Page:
Structuring the foreland between the Variscan, Pelvoux and Argentera crystalline massifs, the Digne main thrust front is oriented NNW–SSE and dies out to the north near the western border of the Pelvoux (Fig. 1a). It turns to an E–W direction in the Castellane Arc to the south (Fig. 1b). To the east, the units of the Digne Nappe are overthrusted by the Embrunais–Ubaye (E-U) nappes emplaced at around 30 Ma, during and shortly after the deposition of the Eocene–Oligocene foreland deposits (Kerckhove and Thouvenot, 2010).
The Digne Nappe is made of Triassic to Cretaceous sediments that consist mainly of alternating limestones and marls (Fig. 1c) and Eocene–Oligocene foreland remnants made of Nummulitic limestones, Globigerina marls and continental sandstones and conglomerates (Fig. 1c) transported towards the SW over 20–25 km (Gidon, 1997; Faucher et al., 1988; Lickorish and Ford, 1998). These successions belong to the former European passive margin (Gidon, 1997; Baudrimont and Dubois, 1977; Debrand-Passard et al., 1984) and have been affected by salt tectonics since the Early Jurassic including the syn-orogenic phase (e.g. Célini et al., 2020, 2021, 2022). As the margin was inverted during the Miocene, Triassic evaporites provided an efficient décollement level for the Digne Nappe (Gidon and Pairis, 1986; Gidon, 1997; Faucher et al., 1988; Lickorish and Ford, 1998). The latest thick-skinned phase of deformation of the Digne Nappe, which is detected on seismic tomographic images as a major crustal-scale thrust (Nouibat et al., 2022), occurred during the Mio-Pliocene since ca. 10 Ma (Ford et al., 2006; Schwartz et al., 2017).
3.1 RSCM thermometry along reconstructed vertical sections
The RSCM approach is based on the temperature-dependent and irreversible natures of carbonaceous material (CM) maturation (e.g. Henry et al., 2019). The Raman spectra of CM change with increasing temperature so that a given spectrum thus reveals the Tmax experienced by a CM-rich rock through its history (Fig. 2). Several calibrations for the use of the RSCM thermometry, corresponding to various ranges of temperatures and geological contexts, were published (e.g. Beyssac et al., 2002; Rahl et al., 2005; Aoya et al., 2010; Lahfid et al., 2010; Kouketsu et al., 2014; Schito et al., 2017). The RSCM approach has been successfully applied to calculate Tmax in CM-rich rocks and infer the tectono-thermal histories of mountain belts and sedimentary basins (e.g. Gabalda et al., 2009; Conand et al., 2020; Ducoux et al., 2021).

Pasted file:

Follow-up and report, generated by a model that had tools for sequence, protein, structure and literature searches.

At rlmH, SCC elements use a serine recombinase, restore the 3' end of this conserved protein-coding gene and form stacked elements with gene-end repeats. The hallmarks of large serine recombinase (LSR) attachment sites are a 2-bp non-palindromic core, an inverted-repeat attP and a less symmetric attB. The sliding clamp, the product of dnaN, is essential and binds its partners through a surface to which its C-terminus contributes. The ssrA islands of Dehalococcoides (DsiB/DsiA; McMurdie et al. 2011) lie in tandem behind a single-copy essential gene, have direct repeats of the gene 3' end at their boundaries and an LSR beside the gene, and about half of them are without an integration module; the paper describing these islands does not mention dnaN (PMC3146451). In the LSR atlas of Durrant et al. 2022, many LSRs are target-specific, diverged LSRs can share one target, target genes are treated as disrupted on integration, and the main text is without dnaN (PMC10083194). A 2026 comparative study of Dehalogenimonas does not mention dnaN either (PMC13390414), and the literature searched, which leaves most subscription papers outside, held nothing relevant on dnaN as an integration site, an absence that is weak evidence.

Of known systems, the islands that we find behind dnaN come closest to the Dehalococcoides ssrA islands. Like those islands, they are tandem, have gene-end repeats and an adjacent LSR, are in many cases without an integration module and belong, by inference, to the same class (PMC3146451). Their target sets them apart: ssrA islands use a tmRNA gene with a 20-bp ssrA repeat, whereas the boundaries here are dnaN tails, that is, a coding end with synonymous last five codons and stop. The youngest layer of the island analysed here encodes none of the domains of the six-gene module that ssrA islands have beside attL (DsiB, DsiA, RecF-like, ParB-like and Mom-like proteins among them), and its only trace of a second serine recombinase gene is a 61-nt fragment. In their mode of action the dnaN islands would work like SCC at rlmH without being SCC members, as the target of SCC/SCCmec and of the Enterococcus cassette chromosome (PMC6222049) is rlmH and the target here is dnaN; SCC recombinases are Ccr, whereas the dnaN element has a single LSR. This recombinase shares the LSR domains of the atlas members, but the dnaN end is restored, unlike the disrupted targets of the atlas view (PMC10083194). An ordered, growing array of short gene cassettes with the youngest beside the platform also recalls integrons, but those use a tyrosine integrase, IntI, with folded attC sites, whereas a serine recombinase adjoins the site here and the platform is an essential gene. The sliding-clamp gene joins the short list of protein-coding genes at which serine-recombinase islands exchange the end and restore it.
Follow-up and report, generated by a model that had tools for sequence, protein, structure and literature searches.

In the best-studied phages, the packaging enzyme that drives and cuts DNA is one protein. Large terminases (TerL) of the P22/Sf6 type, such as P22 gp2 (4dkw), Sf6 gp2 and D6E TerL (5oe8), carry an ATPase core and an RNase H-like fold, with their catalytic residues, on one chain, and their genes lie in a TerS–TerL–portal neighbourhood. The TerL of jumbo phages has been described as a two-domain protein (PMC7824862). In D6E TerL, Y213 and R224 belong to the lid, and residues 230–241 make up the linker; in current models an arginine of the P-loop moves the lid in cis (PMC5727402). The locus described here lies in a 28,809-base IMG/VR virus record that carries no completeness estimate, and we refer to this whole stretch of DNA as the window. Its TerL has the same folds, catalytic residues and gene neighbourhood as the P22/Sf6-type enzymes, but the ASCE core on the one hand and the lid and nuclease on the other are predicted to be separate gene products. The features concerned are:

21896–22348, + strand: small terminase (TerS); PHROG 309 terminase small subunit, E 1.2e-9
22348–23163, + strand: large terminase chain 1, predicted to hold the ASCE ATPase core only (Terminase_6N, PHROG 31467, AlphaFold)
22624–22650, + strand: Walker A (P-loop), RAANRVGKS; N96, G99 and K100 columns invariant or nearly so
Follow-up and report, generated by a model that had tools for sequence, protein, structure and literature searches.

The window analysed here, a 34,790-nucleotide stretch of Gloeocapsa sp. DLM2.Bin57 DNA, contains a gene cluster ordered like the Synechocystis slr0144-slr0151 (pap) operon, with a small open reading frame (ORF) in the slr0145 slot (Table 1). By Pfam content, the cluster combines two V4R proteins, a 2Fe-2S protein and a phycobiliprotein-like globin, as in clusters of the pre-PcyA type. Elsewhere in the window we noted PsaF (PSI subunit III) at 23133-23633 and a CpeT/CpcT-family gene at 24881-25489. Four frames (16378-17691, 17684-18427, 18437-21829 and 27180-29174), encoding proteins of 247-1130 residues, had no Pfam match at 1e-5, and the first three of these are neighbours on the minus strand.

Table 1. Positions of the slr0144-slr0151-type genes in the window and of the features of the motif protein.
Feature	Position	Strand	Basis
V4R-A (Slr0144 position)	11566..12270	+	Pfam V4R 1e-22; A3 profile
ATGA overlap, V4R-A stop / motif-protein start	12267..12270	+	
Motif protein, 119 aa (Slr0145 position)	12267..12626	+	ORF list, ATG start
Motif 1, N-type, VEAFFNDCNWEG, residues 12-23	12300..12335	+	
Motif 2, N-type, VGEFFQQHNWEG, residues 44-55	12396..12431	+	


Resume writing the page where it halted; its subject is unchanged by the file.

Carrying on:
For this study, the RSCM analyses were performed at the Bureau de Recherches Géologiques et Minières (BRGM) (Orléans, France) using a Renishaw inVia Reflex microspectrometer with a diode-pumped solid-state laser source excitation of 514.5 nm. The laser power that reached the surface of the sample, using a Leica DM2500 microscope and a ×100 objective (numerical aperture 0.90), never exceeded 0.1 mW. For each day of measurement, the microspectrometer was calibrated with a 520.5 cm−1 line of an internal silicon standard. The Rayleigh diffusion was eliminated by edge filters, and the Raman signal dispersed onto an 1800 lines mm−1 monochromator before analysis by deep depletion CCD detector (1024×256 pixels). For each sample, 10–15 measurements were acquired for data consistency, whenever the quality of the sample allowed it.